In an interview with CNBC-TV18, Dr LS Rathore, Director General of IMD said, the monsoons are expected to hit the coast of Kerala by 5 June. However, the high temperatures and the slight delay in the monsoon might hurt cotton sowing, believes Rathore.
For an economy that is highly dependent on agriculture, the timely arrival of the monsoons in India is extremely crucial. In an interview with CNBC-TV18, Dr LS Rathore, Director General of IMD said, the monsoons are expected to hit the coast of Kerala by 5 June. Although, it normally arrives in India by 1 June, this time there can be a delay of four-five days, added Rathore.
However, the high temperatures and the slight delay in monsoons might not hurt kharif crops, believes Rathore. But, crops like cotton can be affected to some extent due to the above normal temperatures.
Below is the edited transcript of the interview on CNBC-TV18. Also watch the accompanying video.
Q: There has been talk about a delay in the Kerala monsoon. You are still saying that things will be alright eventually for the monsoon?
A: The normal date of onset of monsoon over Kerala is 1 June, that is today. We also predicted that monsoon will be over Kerala by today, plus-minus four days. It is plus four days and on 5 June we can expect the onset of monsoon in the coast of Kerala.
Q: There have been some concerns that the ongoing heat wave may have already impacted the sowing pattern for the crops in this season. Any fears on that front that there maybe an adverse effect in terms of the crop acreage or output because of the kind of heat wave there has been?
A: Not really. Heat wave is very normal during this part of the year. The only thing is that this year a large part, mostly the area north of 20 degree north-east is reeling under the heat wave. But, there is no concern as far as sowing of kharif crops are concerned.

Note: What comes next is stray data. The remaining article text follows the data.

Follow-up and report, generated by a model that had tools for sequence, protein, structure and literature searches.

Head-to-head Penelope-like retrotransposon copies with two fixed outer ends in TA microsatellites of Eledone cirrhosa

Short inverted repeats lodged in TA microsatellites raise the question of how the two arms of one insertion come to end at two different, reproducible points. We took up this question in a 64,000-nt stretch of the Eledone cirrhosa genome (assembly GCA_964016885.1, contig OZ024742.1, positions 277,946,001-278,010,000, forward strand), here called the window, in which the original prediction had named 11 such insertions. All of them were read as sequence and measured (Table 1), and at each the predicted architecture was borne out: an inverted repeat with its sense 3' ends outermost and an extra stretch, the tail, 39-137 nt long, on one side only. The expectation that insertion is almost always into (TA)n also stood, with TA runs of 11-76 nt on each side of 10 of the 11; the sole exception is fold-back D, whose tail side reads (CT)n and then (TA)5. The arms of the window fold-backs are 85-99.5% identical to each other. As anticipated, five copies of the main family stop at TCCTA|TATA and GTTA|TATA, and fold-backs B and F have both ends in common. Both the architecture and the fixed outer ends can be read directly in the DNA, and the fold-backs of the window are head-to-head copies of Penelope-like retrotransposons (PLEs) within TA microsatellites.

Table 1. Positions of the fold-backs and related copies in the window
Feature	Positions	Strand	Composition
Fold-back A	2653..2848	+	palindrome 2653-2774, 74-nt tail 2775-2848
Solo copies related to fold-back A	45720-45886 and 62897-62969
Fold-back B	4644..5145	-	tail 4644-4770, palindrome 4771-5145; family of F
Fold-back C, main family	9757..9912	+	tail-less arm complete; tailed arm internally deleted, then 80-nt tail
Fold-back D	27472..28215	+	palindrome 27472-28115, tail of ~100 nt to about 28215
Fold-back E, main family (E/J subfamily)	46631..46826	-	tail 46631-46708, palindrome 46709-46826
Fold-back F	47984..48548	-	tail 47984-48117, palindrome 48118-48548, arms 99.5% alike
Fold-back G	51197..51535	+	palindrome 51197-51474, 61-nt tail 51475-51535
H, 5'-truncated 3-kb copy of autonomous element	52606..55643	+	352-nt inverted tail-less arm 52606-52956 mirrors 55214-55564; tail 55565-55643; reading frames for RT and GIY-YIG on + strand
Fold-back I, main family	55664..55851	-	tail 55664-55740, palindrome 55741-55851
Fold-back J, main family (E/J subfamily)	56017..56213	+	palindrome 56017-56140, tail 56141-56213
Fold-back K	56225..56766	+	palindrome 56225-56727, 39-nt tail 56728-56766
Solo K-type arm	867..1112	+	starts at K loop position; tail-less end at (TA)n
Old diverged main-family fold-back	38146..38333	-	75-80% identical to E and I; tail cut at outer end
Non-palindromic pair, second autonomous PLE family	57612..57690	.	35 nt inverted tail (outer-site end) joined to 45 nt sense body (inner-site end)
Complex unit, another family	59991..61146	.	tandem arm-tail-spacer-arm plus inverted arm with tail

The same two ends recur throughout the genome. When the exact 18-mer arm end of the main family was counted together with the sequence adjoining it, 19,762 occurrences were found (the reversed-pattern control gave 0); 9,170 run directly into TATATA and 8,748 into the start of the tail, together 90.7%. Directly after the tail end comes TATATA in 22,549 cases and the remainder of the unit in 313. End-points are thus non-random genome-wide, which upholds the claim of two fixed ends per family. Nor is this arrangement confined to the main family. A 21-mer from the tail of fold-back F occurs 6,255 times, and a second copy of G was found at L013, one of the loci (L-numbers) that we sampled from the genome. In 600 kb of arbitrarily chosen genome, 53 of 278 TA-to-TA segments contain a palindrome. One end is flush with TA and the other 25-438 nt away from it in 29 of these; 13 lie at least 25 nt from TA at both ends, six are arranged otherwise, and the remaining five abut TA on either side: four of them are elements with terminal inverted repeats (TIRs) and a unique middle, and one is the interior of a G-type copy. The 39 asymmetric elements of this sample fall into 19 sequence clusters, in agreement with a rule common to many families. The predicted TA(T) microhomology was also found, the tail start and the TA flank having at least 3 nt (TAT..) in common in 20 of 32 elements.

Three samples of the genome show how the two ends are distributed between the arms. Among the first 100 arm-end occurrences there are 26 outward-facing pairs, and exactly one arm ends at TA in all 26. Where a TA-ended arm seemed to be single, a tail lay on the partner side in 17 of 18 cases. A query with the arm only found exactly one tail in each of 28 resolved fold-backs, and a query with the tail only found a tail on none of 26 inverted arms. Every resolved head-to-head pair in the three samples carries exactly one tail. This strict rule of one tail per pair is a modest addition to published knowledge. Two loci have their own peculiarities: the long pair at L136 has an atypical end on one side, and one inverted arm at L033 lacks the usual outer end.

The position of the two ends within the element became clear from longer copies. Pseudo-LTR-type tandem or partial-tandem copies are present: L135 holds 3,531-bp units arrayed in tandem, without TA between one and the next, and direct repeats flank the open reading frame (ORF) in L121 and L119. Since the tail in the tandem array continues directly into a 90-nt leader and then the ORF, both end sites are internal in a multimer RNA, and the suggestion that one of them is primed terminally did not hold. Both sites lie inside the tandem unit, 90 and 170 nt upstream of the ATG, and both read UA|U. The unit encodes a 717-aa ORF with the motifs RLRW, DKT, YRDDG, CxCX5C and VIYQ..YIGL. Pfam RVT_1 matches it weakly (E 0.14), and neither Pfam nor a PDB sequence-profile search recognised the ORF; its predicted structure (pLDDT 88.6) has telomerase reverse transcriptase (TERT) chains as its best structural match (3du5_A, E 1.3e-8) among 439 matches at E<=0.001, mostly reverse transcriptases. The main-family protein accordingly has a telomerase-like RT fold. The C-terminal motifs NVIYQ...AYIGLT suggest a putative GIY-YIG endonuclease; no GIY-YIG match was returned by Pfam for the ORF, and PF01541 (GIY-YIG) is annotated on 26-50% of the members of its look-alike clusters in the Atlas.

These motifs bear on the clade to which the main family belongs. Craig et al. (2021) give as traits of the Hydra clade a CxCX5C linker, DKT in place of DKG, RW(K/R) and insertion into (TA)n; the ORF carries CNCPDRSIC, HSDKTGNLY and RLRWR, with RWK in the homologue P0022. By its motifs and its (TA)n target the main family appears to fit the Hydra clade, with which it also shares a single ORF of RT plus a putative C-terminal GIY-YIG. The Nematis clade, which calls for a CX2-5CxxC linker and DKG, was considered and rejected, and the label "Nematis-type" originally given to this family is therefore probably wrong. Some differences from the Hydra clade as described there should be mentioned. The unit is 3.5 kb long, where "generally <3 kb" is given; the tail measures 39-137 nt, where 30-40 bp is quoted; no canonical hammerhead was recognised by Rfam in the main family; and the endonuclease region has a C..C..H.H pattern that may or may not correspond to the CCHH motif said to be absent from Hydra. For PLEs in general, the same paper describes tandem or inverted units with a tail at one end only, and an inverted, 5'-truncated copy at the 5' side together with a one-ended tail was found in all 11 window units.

The only concern is for some crops like cotton in north-west India, in parts of Haryana, Punjab, north Rajasthan and Gujarat which is the cotton belt. Cotton sowing takes place now and because the temperature is above normal, around 4-6 degrees above normal, it would definitely have some bearing on the cotton seeds.
Q: Any correlation at all at this point between the timing of the monsoons arriving versus the performance or the quantum of it?
A: I am not in a position to say anything at this juncture. Maybe around 20 June, we will be able to be more precise on the quantity as well as special distribution of precipitation during the monsoon season.
Q: There has been some talk that maybe the second half of the monsoon this time could be a bit tricky because of the El Nino effect. Have you seen progression or anything to report on that front in the last few weeks?
A: The prediction for sea surface temperature in the pacific region is called El Nino, the warming is called El Nino. The prediction is indicative of the fact that the temperature would be 0.5 degree celsius or slightly above the normal in that part of the ocean. Therefore, it will definitely have some impact on the east west circulation and will impact the monsoon.
Exactly which region will be impacted more severely, less severely or whether there will be no impact at all, is difficult to tell at this point in time. The monsoon domain in itself is very huge, starting from Africa to parts of pacific south China Sea and so on.
Therefore, you do not know where exactly El Nino will be impacting. Yes, there are some concerns. However, that will develop only in the terminal phase of monsoon.
Q: What is the outlook right now in terms of special distribution?
A: We will be giving special distribution only after 20 June.